Colorado Springs, CO – On November 6, 2018, at approximately 8:20 p.m., the Colorado Springs Fire Department responded to a report of a structure fire at 4320 Star Ranch Road. The initial address crews dispatched to was on Regency Dr. which is to the north and approximately ¼- ½ miles north of the affected address. Engine 4 arrived at Regency Dr. and noted fire 8-10’ in length from a roof to the south of them on Star Ranch Road and declared a working fire. Fire companies were able to arrive in under 6 minutes to find a two-story, wood-framed, single-family residence with flames showing from the roof while all interior space remained clear of smoke. Because the fire was in the attic, there was no early warning to the family via smoke alarm of active fire or smoke.
All occupants and their dog were out of the house upon arrival of CSFD companies. The residents stated that they were in the kitchen and heard an unusual popping sound at or near the fireplace but were unable to figure what the noise was until the occupant inspected the exterior of the residence.
The commander of the incident initiated an offensive fire attack: strategic deployment of hose lines and hand tools to the roof, main level, and basement of the home as it was unclear whether the fire was traveling vertically, horizontally, or both directions. Crews were able to open the tongue and groove ceiling (which was covered by drywall and mortar finish) above the kitchen and living room areas which exposed approximately 25’ x 25’ of actively burning fire.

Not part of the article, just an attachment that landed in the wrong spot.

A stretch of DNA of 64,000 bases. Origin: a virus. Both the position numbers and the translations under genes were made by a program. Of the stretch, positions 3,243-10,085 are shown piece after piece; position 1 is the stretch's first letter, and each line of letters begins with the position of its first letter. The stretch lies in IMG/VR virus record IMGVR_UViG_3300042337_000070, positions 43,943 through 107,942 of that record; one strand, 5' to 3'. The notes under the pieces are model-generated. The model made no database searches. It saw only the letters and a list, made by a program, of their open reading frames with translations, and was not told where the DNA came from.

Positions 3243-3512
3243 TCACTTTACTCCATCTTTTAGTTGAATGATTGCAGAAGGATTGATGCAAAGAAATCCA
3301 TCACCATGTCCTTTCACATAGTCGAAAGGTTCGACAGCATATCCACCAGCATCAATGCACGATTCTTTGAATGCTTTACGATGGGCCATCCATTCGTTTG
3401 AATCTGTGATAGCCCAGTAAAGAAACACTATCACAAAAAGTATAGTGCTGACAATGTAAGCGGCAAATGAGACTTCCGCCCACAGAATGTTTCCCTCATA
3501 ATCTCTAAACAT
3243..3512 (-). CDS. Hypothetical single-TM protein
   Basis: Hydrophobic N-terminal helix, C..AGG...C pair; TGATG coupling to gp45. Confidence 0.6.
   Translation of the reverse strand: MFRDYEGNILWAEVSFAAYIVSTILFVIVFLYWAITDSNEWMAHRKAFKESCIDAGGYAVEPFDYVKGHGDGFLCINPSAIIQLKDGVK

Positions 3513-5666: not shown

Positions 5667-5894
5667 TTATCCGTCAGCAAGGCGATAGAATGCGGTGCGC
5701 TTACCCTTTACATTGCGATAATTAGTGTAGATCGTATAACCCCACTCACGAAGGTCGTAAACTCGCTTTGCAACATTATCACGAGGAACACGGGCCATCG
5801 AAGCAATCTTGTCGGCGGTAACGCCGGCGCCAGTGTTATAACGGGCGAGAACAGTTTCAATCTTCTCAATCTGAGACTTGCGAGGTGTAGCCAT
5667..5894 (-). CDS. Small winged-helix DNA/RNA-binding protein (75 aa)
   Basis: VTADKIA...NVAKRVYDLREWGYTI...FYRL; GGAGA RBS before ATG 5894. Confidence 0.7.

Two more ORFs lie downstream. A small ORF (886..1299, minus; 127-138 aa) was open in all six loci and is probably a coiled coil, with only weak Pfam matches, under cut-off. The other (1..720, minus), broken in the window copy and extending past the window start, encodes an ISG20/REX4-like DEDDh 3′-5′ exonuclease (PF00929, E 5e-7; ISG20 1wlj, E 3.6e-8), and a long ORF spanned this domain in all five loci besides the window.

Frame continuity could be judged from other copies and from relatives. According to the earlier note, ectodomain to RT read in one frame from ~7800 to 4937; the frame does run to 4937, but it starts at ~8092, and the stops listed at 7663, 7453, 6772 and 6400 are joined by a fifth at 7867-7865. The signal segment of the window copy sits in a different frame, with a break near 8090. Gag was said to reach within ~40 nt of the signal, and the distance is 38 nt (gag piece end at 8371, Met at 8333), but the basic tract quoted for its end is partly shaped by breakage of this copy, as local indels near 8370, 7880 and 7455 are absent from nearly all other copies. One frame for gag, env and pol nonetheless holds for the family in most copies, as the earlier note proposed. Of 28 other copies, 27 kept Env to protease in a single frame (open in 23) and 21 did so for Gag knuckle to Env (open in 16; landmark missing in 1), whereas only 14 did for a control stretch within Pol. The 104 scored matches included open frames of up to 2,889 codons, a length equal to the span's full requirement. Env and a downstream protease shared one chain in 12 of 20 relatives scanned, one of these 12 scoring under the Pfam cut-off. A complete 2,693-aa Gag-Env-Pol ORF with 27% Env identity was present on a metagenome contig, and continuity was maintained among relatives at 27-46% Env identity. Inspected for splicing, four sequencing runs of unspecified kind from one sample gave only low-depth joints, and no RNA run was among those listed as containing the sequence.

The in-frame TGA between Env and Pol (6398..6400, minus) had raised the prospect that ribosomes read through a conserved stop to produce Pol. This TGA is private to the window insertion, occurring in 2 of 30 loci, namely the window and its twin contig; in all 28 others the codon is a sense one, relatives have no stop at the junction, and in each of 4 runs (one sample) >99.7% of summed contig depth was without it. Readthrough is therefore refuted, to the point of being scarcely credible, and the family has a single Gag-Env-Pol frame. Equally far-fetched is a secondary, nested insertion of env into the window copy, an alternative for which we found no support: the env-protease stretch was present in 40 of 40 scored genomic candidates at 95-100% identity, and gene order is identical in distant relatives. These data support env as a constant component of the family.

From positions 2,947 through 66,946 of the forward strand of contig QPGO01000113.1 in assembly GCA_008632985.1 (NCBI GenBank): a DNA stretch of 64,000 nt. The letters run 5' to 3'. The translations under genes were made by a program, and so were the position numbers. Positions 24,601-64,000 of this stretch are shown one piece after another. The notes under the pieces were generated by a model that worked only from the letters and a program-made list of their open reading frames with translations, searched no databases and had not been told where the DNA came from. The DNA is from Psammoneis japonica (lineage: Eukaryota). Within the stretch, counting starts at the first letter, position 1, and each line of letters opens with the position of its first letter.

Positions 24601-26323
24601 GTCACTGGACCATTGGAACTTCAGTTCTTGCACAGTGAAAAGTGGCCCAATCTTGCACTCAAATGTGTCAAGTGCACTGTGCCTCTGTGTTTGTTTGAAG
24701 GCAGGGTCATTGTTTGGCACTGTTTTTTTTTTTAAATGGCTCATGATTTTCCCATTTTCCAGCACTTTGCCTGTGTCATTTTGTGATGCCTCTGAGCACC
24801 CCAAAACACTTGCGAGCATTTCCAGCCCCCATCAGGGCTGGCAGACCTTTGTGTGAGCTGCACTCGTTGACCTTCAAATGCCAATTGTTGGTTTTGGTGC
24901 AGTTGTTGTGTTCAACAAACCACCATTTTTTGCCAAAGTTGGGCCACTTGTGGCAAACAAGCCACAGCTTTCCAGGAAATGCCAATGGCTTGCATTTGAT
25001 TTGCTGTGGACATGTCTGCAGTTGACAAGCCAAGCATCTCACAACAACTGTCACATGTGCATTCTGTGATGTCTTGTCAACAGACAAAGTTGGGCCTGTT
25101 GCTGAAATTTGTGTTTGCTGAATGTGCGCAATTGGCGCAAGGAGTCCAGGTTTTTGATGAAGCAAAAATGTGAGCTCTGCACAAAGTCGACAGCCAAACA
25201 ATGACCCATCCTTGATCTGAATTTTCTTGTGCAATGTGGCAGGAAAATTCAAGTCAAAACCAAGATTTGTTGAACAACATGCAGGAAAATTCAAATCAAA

A second alarm was requested by the incident commander when firefighters on the roof communicated that a collapse was imminent which is a clear indication that more resources will be needed. All second alarm companies arrived but remained in level two staging throughout the event and did not engage in the firefight as roof collapse did not occur.
Fire investigators arrived at the scene, and after a thorough investigation, the fire was deemed accidental due to faulty chimney chase conduit. In simple terms, the pipe chase became disconnected and allowed heat and fire to escape into the attic space where the fire remained in the growth stage until firefighters intervened. Residents offered that after the 2017 windstorm in Colorado Springs they had contracted the rebuild of the chimney due to traumatic damage from the wind event.
There were no injuries to firefighters or citizens reported during this event, and the residents are displaced from the home until insurance and construction services can complete their respective duties for the homeowners. The American Red Cross was called to the scene to assist with the displacement and other first steps of “rebuilding” when unfortunate events like this occur.
The CSFD and the Chimney Institute of America (CSIA) want to remind all citizens that annual inspection of your wood burning fireplace is money well invested for the well-being of your family, pets, neighbors and, your home. Please follow this link for further information on wood burning fireplace safety: